Hierdie is die LitNet-argief (2006–2012)
This is the LitNet archive (2006–2012)
Reney Warrington - 2010-03-02
Director: Scott Cooper
The once great country singer, Bad Blake, is now touring bowling alleys, drinking too much, sleeping with gushing female fans and fighting with his manager. Until he is interviewed and enchanted by Jean Craddock …
A quiet film
Crazy Heart tells a simple story about redemption in a simple, clear way. Bad Blake needs to be redeemed and he finds his catalyst in Jean. There is no dramatic Hollywood turning point, emotionally draining screaming matches or tragic deaths. In fact there might be too little happening, it might be too clear. Having said that, I must admit that the Oscar hype surrounding the film could have created an expectation of a more emotionally complex film, such as The Wrestler or Door in the floor (in which Bridges starred). Crazy Heart is still an engaging film.
What makes this film stand apart is the characterization. No one is really ‘bad’. There is no villain in this film. (Except perhaps for alcohol.) Bad is a likeable guy. His Southern Charm turns out to be sincere. He is just a drunk, not a bad guy.
Gyllenhaal plays a sweet, single mother with disappointments of her own. Tommy Sweet, Blake’s young protégé, desperately tries to help his mentor. Wayne is the loyal friend, also a former alcoholic, who takes Bad to rehab. They are all flawed but profoundly good people.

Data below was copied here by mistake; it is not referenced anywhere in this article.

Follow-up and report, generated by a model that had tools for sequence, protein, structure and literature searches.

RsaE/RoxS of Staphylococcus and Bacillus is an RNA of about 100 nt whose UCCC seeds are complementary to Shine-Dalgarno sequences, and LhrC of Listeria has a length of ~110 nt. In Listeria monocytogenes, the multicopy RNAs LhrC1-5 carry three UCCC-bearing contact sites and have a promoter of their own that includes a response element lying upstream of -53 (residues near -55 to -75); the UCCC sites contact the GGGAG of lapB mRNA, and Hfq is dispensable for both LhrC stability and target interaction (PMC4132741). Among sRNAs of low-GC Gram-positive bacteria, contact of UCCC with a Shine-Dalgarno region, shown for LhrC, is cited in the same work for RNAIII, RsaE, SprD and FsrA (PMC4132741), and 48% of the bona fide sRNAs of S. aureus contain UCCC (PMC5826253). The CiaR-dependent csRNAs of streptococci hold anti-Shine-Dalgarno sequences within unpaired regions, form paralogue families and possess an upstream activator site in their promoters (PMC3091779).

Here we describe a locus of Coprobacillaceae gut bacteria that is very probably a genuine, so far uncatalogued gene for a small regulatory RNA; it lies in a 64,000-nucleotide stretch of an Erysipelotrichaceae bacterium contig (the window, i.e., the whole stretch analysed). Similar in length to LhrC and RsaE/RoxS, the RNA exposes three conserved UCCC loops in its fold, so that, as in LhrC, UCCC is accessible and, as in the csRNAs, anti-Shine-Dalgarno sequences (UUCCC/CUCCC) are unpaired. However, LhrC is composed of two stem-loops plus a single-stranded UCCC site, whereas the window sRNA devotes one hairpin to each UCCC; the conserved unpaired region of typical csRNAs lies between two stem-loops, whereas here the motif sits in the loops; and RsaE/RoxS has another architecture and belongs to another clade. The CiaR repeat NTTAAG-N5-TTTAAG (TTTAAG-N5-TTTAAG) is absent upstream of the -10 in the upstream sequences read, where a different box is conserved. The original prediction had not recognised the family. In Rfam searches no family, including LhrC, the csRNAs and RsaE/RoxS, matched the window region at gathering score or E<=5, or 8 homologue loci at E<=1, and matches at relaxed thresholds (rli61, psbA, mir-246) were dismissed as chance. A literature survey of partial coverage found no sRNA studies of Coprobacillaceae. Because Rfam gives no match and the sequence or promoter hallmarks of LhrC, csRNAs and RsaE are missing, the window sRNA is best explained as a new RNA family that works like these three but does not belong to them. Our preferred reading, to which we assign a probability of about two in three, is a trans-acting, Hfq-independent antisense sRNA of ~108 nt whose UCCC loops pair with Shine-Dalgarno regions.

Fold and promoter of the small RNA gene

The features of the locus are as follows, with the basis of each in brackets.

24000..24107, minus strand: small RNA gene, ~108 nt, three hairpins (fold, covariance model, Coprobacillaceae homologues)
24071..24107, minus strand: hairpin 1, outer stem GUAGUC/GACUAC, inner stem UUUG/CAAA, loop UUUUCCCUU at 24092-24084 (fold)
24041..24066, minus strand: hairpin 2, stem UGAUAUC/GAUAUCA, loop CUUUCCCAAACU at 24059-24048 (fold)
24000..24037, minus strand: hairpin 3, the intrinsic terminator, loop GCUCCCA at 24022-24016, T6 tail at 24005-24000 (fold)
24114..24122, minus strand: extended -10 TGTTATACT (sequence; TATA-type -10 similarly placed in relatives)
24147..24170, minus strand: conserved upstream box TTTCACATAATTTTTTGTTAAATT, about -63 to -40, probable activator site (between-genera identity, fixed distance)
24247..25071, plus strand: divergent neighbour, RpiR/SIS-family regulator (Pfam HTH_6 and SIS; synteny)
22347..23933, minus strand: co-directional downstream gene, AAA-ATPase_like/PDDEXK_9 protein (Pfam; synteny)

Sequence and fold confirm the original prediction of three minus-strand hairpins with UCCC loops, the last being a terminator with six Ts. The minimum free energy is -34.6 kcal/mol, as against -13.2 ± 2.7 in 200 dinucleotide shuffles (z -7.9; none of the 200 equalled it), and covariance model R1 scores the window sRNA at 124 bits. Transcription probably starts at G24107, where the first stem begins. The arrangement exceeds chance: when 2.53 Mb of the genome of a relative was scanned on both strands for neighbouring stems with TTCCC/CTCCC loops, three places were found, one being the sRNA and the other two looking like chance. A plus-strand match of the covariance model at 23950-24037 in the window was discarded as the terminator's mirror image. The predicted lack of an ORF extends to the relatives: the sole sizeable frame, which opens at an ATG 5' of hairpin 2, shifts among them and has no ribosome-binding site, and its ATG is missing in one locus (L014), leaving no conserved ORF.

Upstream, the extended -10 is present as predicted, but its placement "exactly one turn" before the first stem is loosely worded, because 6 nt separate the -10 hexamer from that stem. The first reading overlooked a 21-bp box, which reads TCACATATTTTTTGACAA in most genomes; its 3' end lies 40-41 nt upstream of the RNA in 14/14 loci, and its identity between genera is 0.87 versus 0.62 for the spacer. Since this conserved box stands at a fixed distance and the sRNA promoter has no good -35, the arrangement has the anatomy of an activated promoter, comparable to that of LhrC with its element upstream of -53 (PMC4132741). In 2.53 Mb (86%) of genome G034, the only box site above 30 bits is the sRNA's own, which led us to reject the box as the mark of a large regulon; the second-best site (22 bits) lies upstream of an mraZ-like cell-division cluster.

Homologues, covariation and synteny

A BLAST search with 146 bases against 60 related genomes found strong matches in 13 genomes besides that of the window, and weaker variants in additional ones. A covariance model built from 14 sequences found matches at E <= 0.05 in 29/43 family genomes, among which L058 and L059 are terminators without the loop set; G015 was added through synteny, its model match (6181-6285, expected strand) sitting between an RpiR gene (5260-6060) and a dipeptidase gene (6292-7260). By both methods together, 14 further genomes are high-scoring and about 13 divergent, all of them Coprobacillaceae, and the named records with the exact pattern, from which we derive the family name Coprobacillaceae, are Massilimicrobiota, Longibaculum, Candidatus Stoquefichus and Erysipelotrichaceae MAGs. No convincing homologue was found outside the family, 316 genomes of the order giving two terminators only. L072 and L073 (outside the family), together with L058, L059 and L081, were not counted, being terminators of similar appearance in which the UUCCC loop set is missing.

Bad Blake is the perfect type of character for Jeff Bridges. He has the skill to make the audience look beyond the flabby gut, unruly hair and unhealthy habits and see the humanity in the character. Those blue eyes certainly help to convey a wealth of emotions.
Gyllenhaal normally does not do ‘sweet’, but then her choice in film roles have always been varied and she pulls this role off without much effort.
Robert Duval is always gob smacking and so is his brief appearance in this film. One of the best scenes is the fishing boat scene. Apart from the beautiful scenery, the dialogue between Duvall and Bridges are priceless as they fish, anchored in a little boat on a lake. Bad admits that calling his 28-year old son for the first time in 24 years was a mistake. His son wants nothing to do with him.
Wayne (Duvall) disagrees. He says leaving his son was a mistake, and staying away for 24 years was a mistake, but that calling him was the first ‘right thing’ he has done.
Best one liner
Bad complements Jean on her beauty in a motel room by saying, ‘I want to talk about how bad you make this room look.’
Both Bridges and Farrell did their own singing.